It’s important that your child has some real money to learn with. It’s safer for kids and teens to make mistakes on small budgets than to start the learning process in adulthood. Even a very young child can begin learning basic budgetting concepts using his or her small allowance. For instance, take the child shopping and let him or her pick out a treat either with allowance money or even “treat” money that you provide. The child must figure out what purchase is affordable. The chocolate bar may be over budget, the potato chips may work, perhaps a soda and a pack of gum might be affordable, the fancy candy is definitely out of reach. Instead of YOU doing all the calculations, allow the child to do it if the arithmetic is within the child’s easy grasp. Teens can use a combination of allowance and earnings to manage their budget. Make them responsible for paying their cell phone bill or some other regular financial responsibility and help them to figure out how to set aside savings to purchase big ticket items they are longing for. You can provide incentive programs if you like: offer to match them dollar for dollar in order to help them purchase some important product.

Once your child has a source of income – whether that is an allowance or a part-time job, another source of income or some mixture of things – help him or her to open a bank account. This is all part of the money-learning experience. Especially if signicant funds are involved, you might encourage more than one bank account: a savings account for big purchases down the road, a checking account for readily accessible cash and an accountfor charity funds. Later on, if the child is ever self-employed or running a small business, make sure that there is a savings account specifically for required tax payments. This way of organizing money can help the budget work smoothly and automatically.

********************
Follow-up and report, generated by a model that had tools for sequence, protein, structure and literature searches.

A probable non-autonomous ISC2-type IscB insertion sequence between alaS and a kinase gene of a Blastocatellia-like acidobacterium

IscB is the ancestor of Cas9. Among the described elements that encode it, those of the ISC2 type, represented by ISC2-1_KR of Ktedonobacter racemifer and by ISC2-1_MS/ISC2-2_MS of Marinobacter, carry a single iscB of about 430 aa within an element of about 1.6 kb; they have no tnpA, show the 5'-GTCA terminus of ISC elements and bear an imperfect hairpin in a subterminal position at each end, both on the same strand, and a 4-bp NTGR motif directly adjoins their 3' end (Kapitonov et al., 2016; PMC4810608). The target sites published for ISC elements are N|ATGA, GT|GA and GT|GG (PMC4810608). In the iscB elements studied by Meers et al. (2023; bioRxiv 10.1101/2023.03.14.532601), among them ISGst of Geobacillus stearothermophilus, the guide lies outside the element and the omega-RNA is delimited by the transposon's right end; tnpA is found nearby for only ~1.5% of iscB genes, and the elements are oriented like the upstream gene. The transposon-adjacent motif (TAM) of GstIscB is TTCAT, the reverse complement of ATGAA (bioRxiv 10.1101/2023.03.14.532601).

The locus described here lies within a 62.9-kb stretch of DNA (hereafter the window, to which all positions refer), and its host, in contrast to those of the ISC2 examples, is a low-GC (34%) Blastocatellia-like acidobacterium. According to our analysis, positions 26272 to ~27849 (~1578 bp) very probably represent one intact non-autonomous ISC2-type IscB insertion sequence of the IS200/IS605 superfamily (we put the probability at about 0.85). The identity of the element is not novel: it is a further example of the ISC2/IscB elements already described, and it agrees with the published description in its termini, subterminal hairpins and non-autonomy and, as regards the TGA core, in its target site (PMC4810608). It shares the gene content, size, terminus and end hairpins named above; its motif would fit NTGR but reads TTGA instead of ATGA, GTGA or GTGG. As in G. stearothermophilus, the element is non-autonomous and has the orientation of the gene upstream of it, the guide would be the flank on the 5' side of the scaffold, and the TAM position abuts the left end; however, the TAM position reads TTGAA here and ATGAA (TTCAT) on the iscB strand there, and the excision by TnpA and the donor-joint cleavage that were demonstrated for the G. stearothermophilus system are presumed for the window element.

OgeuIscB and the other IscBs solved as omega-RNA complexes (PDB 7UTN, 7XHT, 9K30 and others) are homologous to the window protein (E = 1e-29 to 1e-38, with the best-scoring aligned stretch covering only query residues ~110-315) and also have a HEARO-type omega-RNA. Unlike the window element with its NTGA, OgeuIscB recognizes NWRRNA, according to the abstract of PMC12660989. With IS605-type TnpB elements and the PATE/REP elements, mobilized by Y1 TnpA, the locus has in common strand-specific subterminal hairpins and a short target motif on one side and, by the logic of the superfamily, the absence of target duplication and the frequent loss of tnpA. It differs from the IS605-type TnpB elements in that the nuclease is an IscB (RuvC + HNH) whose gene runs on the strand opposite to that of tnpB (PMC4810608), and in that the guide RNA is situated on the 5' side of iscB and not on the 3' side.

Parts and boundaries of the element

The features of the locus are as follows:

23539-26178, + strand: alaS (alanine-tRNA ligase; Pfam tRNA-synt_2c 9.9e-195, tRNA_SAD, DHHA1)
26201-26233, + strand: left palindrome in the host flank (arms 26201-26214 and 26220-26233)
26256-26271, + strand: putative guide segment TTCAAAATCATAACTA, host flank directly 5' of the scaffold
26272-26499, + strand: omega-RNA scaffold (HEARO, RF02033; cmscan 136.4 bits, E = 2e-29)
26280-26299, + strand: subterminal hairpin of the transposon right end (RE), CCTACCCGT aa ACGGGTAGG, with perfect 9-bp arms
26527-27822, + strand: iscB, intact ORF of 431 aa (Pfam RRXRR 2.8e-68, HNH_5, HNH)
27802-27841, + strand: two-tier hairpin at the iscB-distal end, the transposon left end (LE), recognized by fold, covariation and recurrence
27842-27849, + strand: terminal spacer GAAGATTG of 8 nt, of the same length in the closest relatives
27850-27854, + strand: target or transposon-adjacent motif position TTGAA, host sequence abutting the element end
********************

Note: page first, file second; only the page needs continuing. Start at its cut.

In teaching kids to manage a budget, it is essential that you do not bail them out when they make errors. O.K. – maybe just once. But you want them to learn through experience that when you run out of money, you run out of money. There is no more. Discourage borrowing from you or friends – this is really just a debt mentality. You want your kids to thrive within their budget. If there isn’t enough money for what they want, they should be encouraged to earn more money, instead of going into debt.

For instance, suppose your 15 year-old daughter bought herself a sweater with her savings. At the end of the purchase, she has only twenty dollars left in her account. However, she sees some boots she just MUST have right away and begs you to loan her the ninety dollars she’ll need, promising to pay you back over a three month period. DO NOT COOPERATE! She should have been looking ahead when she bought the overpriced sweater! If you don’t bail her out now, she’ll become a better money-manager for life. On the other hand, if you do allow her to go into debt because of her own bad planning, you are helping her to have a life of credit-card angst and suffering.